It's been a while since I've talked immigration, but since Bush is thinking of reviving his guest-worker idea, I'll talk about it.
But first, here's an interesting article about a town in New Jersey that is actively refusing to enforce federal immigration laws. They've forbidden their local cops from reporting immigration violations, so illegal immigrants are now free to report crimes and resolve disputes through the local police.
And this seems to prove my biggest point about immigration. An enforcement-heavy approach doesn't get rid of illegal immigration - it just pushes it further underground. An immigrant-friendly policy would improve the lives of everyone involved, incorporate the newcomers into our society, and increase immigrants' contributions to our economy.
O'Reilly criticized this policy on his last Factor, pointing out the case of a Virginia Beach illegal who killed two teenagers while driving drunk. The spurious claim on O'Reilly's part, of course, is suggesting that the really bad crime the perpetrator committed was an immigration violation. Wrong - it was DRUNK DRIVING. Drunk driving isn't strictly the province of illegals - it could have just as easily been an asshole college student that killed those kids. I'll bet that wouldn't have stoked O'Reilly's ire, though. He was looking for an excuse to rip on liberal immigration policies and he found it. He could have just as easily argued for the deportation of all college students and found a similar case to harp on.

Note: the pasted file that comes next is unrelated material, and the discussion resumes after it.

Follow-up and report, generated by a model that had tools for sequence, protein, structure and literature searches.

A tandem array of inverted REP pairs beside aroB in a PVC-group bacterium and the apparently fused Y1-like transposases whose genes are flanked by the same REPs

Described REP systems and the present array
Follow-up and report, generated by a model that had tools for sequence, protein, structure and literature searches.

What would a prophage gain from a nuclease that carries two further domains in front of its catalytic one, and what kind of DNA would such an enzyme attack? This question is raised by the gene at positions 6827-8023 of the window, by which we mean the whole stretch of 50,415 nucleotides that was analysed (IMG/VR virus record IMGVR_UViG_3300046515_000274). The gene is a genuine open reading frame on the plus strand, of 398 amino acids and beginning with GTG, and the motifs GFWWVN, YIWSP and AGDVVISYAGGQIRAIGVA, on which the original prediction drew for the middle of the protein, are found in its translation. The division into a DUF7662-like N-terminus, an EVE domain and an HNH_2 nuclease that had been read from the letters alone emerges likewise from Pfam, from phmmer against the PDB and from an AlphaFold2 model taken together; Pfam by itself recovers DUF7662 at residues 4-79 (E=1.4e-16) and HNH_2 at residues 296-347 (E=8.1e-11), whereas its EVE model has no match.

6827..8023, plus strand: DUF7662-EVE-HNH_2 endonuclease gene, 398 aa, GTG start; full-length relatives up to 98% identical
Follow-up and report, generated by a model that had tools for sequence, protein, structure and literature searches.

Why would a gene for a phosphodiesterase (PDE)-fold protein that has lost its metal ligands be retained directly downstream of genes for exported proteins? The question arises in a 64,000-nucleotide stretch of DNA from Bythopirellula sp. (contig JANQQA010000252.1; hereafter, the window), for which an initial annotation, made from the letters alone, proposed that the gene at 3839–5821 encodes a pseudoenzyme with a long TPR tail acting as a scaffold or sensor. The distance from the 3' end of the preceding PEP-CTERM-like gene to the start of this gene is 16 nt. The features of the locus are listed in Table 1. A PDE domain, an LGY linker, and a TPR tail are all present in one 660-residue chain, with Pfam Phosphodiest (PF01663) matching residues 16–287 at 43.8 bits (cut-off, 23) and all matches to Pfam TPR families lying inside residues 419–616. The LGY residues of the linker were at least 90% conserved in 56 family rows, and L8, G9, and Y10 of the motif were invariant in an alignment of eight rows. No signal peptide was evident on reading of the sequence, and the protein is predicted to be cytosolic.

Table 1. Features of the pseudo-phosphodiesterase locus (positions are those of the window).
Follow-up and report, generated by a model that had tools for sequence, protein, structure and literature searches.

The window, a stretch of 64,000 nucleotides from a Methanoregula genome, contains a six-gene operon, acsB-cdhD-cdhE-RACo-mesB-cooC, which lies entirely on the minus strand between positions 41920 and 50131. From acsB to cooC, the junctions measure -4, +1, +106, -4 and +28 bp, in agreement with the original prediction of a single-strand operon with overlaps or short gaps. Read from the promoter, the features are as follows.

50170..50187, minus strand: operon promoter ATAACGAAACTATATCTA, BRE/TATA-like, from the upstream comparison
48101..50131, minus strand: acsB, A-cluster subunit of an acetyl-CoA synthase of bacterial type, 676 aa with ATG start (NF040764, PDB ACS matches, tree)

And it is the province of fools like O'Reilly to make the claim that "if immigration police had done their job, those kids would have been alive today." Actually, if immigration police had done their job, that guy would have succeeded in crossing the border on his fifth or sixth attempt. Rather, if we had a liberal immigration policy that allowed this guy to get a visa, we could a) allow the border patrol to do its job preventing drug-runners from crossing rather than chasing after honest job-seekers and b) allow the border patrol to ensure that this guy, if he is deported for his crime, doesn't return.
Let's dwell quite briefly on this idea of deporting immigrant criminals. I don't see, in some cases, how that's an appropriate punishment. They committed the crime here; they ought to be punished for it here. Sending them back to their country of origin only allows them to escape punishment and cross illegally again. If we're talking deportation after punishment, then I guess that's okay.
Anyway, O'Reilly unwittingly proved the point of the Hightstown folks. Because what if the situation were reversed; the victims had been illegals, and the perpetrator a citizen? In your average city, the crime would have likely gone unreported - the family of the kids would have been deported had they spoken up. Not in Hightstown - justice would still have been served either way. That's the genius of the Hightstown policy - treat people like they're equal citizens, and pretty soon they'll act like they have a stake in your society.